Vice President Biden pays a surprise visit to veterans

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On Tuesday, July 10, Vice President Biden surprised veterans at a jobs skills class at the US VETS Center in Las Vegas with an unexpected visit. The Vice President met with 32 veterans, discussing issues concerning them as American veterans and answering their questions. The Vice President spoke about veterans’ issues for about 20 minutes, and then asked the media who accompanied him to leave the building so he could speak candidly with the veterans while answering their questions.  He took questions concerning what the federal government can do to allow veterans to more quickly and easily access the benefits they have earned through their service, and how more work needs to be done for today’s veterans.  During his visit, one veteran complimented his tie, and asked him if it might be OK to ask the Vice President if he could have it. Vice President Biden gladly removed the blue tie patterned with white sailboats and handed it to the thrilled veteran. 

The veterans present for the Vice President’s visit were genuinely appreciative of the effort he made to speak with them, saying it did not seem like a calculated political move. Neil DeCaprio, a 64-year-old Vietnam veteran, told the press, “You know, some people will say it was just a campaign stop, a political event. There were 32 guys here, that’s not too many votes. I think he wholeheartedly wanted to answer our questions the best way he could. The Obama administration has made headway with improving services for veterans, and I think their hearts and minds are in the right place.” DeCaprio suffers from PTSD as a result of his time spent in Vietnam, where he witnessed a young Vietnamese child shot and killed. He spoke of the extreme difficulty he experienced years ago when seeking help from the government after returning from war, and how much easier it is to receive access to the care he deserves today.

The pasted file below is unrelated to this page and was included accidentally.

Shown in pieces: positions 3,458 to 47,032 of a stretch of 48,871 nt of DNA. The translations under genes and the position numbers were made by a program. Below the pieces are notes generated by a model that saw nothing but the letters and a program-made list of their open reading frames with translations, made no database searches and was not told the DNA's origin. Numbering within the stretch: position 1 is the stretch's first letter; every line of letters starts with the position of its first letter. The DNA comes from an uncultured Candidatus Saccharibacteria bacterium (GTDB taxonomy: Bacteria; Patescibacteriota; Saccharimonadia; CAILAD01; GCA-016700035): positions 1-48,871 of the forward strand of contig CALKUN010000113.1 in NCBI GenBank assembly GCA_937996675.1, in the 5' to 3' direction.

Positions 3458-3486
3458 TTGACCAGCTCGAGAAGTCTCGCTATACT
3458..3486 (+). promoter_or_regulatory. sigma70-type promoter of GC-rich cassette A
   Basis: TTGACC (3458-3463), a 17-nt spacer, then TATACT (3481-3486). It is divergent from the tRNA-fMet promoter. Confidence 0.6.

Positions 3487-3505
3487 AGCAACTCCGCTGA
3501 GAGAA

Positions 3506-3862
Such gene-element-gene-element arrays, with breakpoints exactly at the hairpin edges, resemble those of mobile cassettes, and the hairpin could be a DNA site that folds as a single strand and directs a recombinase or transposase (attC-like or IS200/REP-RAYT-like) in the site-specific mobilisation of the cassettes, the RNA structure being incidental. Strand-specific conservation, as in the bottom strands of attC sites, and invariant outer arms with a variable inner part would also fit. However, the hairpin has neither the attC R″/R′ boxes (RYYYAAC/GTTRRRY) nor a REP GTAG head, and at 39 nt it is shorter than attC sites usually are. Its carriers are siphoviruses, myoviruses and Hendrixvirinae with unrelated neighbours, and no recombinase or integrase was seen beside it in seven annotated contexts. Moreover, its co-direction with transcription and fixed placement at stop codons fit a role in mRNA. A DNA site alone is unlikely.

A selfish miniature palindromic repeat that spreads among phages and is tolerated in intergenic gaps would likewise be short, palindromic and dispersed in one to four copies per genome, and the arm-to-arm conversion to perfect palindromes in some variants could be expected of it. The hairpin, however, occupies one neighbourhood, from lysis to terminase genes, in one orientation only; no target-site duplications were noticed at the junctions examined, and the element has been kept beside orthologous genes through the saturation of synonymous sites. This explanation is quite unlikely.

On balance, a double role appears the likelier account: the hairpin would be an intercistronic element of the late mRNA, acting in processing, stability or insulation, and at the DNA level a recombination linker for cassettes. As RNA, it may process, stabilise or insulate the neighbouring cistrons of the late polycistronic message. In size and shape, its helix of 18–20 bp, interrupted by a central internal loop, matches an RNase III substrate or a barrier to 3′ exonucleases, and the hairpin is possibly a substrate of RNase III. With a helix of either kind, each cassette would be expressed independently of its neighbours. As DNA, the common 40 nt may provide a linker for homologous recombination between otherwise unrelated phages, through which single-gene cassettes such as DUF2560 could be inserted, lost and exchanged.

He was not alone in his appreciation for the Vice President’s visit that day. Veteran Damon D’Amico told the press what he really appreciated “was that the Vice President told us, ‘Don’t be scared to ask for help. You deserve it.’ The whole thing made me feel good.”  Marine Corps veteran Tyron Avery said, “He is one of the friendliest and warmest people I’ve met, and I don’t think it was an act. I believe they are trying hard to improve things for veterans, and it’s not just lip service.”

After taking all of their questions, the Vice President and Dr. Jill Biden talked with many of the men individually and took a picture with each of them before leaving. This highly personalized and meaningful visit from the Vice President exemplifies the enduring and powerful commitment of the Obama administration to America’s veterans and the relationship the administration aims to foster with the men and women who, as President Obama has said, “represent what is best in America.”